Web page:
JUNEAU, Alaska (AP) — The Biden administration released a long-awaited study Wednesday that recommends allowing a major oil development on Alaska’s North Slope that supporters say could boost U.S. energy security but that climate activists decry as a “carbon bomb.”
The move — while not final — drew immediate anger from environmentalists who saw it as a betrayal of the president’s pledges to reduce carbon emissions and promote clean energy sources.
ConocoPhillips Alaska had proposed five drilling sites as part of its Willow project, and the approach listed as the preferred alternative by the U.S. Bureau of Land Management in the report calls for up to three drill sites initially. Even as the land agency released its report, the U.S. Interior Department said in a separate statement that it has “substantial concerns” about the project and the report’s preferred alternative, “including direct and indirect greenhouse gas emissions and impacts to wildlife and Alaska Native subsistence.”
The Bureau of Land Management, which falls under the Interior Department, also said in the report that identifying a preferred alternative “does not constitute a commitment or decision” and notes it could select a different alternative in the final decision.
Opponents have raised concerns about the impacts of oil development on wildlife, such as caribou, and efforts to address climate change.
The project is in the National Petroleum Reserve-Alaska, a vast region roughly the size of Indiana on Alaska’s resource-rich North Slope. ConocoPhillips Alaska says the project, at its peak, could produce an estimated 180,000 barrels of oil a day.
The Arctic Slope Regional Corporation, an Alaska Native corporation, and the Iñupiat Community of the Arctic Slope joined the North Slope Borough in praising the proposed alternative and calling on the administration to move ahead on the project. In a joint statement, they said advancing the project “is critical for domestic energy independence, job security for Alaskans and the right of Alaska Natives to choose their own path.”
Other Alaska Native groups have expressed concerns.
Leaders of the Native Village of Nuiqsut and city of Nuiqsut in a recent letter said they do not feel like the Bureau of Land Management is listening. The community is about 36 miles (58 kilometers) from the Willow project, in a remote region of Alaska’s far north.
The Bureau of Land Management’s “engagement with us is consistently focused on how to allow projects to go forward; how to permit the continuous expansion and concentration of oil and gas activity on our traditional lands,” Native Village of Nuiqsut President Eunice Brower and City of Nuiqsut Mayor Rosemary Ahtuangaruak wrote in a letter dated last week.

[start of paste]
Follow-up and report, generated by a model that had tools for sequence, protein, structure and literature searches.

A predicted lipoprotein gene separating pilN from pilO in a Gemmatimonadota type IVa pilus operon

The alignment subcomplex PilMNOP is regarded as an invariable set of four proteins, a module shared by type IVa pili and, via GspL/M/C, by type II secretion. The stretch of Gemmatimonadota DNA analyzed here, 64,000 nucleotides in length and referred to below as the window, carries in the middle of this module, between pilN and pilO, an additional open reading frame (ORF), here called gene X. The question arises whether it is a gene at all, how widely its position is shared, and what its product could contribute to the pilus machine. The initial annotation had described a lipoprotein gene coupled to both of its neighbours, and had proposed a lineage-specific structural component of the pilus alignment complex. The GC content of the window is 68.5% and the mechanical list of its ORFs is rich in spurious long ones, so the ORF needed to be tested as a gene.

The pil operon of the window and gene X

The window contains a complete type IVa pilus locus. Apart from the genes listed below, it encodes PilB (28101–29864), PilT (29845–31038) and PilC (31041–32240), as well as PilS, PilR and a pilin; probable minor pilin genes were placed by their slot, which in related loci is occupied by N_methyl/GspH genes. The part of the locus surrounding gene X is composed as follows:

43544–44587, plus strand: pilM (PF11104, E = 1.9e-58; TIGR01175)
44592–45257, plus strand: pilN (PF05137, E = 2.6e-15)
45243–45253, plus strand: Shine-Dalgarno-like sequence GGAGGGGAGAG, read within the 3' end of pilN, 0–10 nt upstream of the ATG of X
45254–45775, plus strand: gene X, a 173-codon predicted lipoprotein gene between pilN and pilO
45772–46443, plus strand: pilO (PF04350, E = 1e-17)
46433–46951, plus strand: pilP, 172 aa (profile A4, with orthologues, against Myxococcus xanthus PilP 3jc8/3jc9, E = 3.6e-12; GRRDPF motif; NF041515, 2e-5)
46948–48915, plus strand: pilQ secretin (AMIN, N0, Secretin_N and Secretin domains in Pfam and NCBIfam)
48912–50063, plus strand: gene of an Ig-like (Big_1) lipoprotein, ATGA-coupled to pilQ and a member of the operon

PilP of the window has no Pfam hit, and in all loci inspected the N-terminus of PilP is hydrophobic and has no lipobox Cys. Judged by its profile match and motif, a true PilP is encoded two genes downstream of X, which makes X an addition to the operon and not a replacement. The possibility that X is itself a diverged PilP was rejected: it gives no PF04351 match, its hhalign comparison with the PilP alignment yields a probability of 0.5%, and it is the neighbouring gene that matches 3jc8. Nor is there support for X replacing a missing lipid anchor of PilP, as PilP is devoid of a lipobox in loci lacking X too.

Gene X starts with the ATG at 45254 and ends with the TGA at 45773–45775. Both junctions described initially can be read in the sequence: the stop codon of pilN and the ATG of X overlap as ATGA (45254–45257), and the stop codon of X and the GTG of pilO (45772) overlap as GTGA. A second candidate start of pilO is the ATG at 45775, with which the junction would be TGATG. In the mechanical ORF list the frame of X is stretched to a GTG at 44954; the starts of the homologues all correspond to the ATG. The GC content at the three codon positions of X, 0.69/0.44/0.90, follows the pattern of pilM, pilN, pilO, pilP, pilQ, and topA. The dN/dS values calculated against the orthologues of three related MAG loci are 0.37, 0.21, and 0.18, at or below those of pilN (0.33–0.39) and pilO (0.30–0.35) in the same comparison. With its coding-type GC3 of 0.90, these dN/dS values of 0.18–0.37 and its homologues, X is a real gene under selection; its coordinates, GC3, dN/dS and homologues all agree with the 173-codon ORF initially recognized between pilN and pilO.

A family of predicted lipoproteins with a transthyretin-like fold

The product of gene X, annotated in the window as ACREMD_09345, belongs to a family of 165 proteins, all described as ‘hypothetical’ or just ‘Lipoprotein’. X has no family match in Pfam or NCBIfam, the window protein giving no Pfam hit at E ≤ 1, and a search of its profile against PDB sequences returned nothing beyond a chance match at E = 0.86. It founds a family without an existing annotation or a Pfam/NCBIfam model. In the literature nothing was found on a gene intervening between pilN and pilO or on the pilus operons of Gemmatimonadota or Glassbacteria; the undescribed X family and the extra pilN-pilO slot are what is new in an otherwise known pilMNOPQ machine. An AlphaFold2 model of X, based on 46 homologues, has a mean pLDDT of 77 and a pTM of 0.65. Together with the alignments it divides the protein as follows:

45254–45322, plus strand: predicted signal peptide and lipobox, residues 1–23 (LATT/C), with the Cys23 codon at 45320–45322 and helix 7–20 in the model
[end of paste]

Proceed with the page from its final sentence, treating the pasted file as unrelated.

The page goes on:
ConocoPhillips has estimated the project would create as many as 2,000 jobs during construction and 300 permanent jobs and generate between $8 billion and $17 billion in federal, state and local revenue in an area more than 600 miles (965 kilometers) from Anchorage.
Erec Isaacson, the president of ConocoPhillips Alaska, said in a statement the company believes the project will “benefit local communities and enhance American energy security while producing oil in an environmentally and socially responsible manner.” He said the review process “should be concluded without delay.”
The members of Alaska’s congressional delegation — Republican Sens. Lisa Murkowski and Dan Sullivan and Rep. Mary Peltola, a Democrat — all said they welcomed Wednesday’s environmental review and urged the administration to allow the project to move forward.
The project would bring miles of roads and hundreds of miles of pipeline to the area, disrupt animal migration patterns and erode habitat if it goes forward, said Earthjustice, an environmental group.
Jeremy Lieb, an attorney with the group, said Willow is currently the largest proposed oil project in the U.S. He said it is “drastically out of step with the Biden administration’s goals to slash climate pollution and transition to clean energy.” President Joe Biden campaigned on pledges to end new drilling on public lands and has set an ambitious goal to cut greenhouse gas emissions in half by 2030.
Biden “will be remembered for what he did to tackle the climate crisis, and as things stand today, it’s not too late for him to step up and pull the plug on this carbon bomb,” Lieb said.
U.S. Interior Secretary Deb Haaland, who fought the Willow project as a member of Congress, has the final decision on whether to approve it, although top White House climate officials are likely to be involved. Haaland has multiple options, including outright approval or rejection or a middle ground that allows some drilling but blocks other development. A final decision is expected no sooner than early March.
Federal agencies have within the last week made two major decisions around resources in Alaska. Last week, the U.S. Department of Agriculture said it was reinstating restrictions on road-building and logging on the country’s largest national forest in southeast Alaska, the Tongass National Forest.
And on Tuesday, the U.S. Environmental Protection Agency said it was exercising its so-called veto authority under the federal Clean Water Act to block plans for a proposed copper and gold mine in a mineral-rich area of southwest Alaska because of concerns about its environmental impact on a rich Alaska aquatic ecosystem that supports the world’s largest sockeye salmon fishery.
Daly reported from Washington, D.C.
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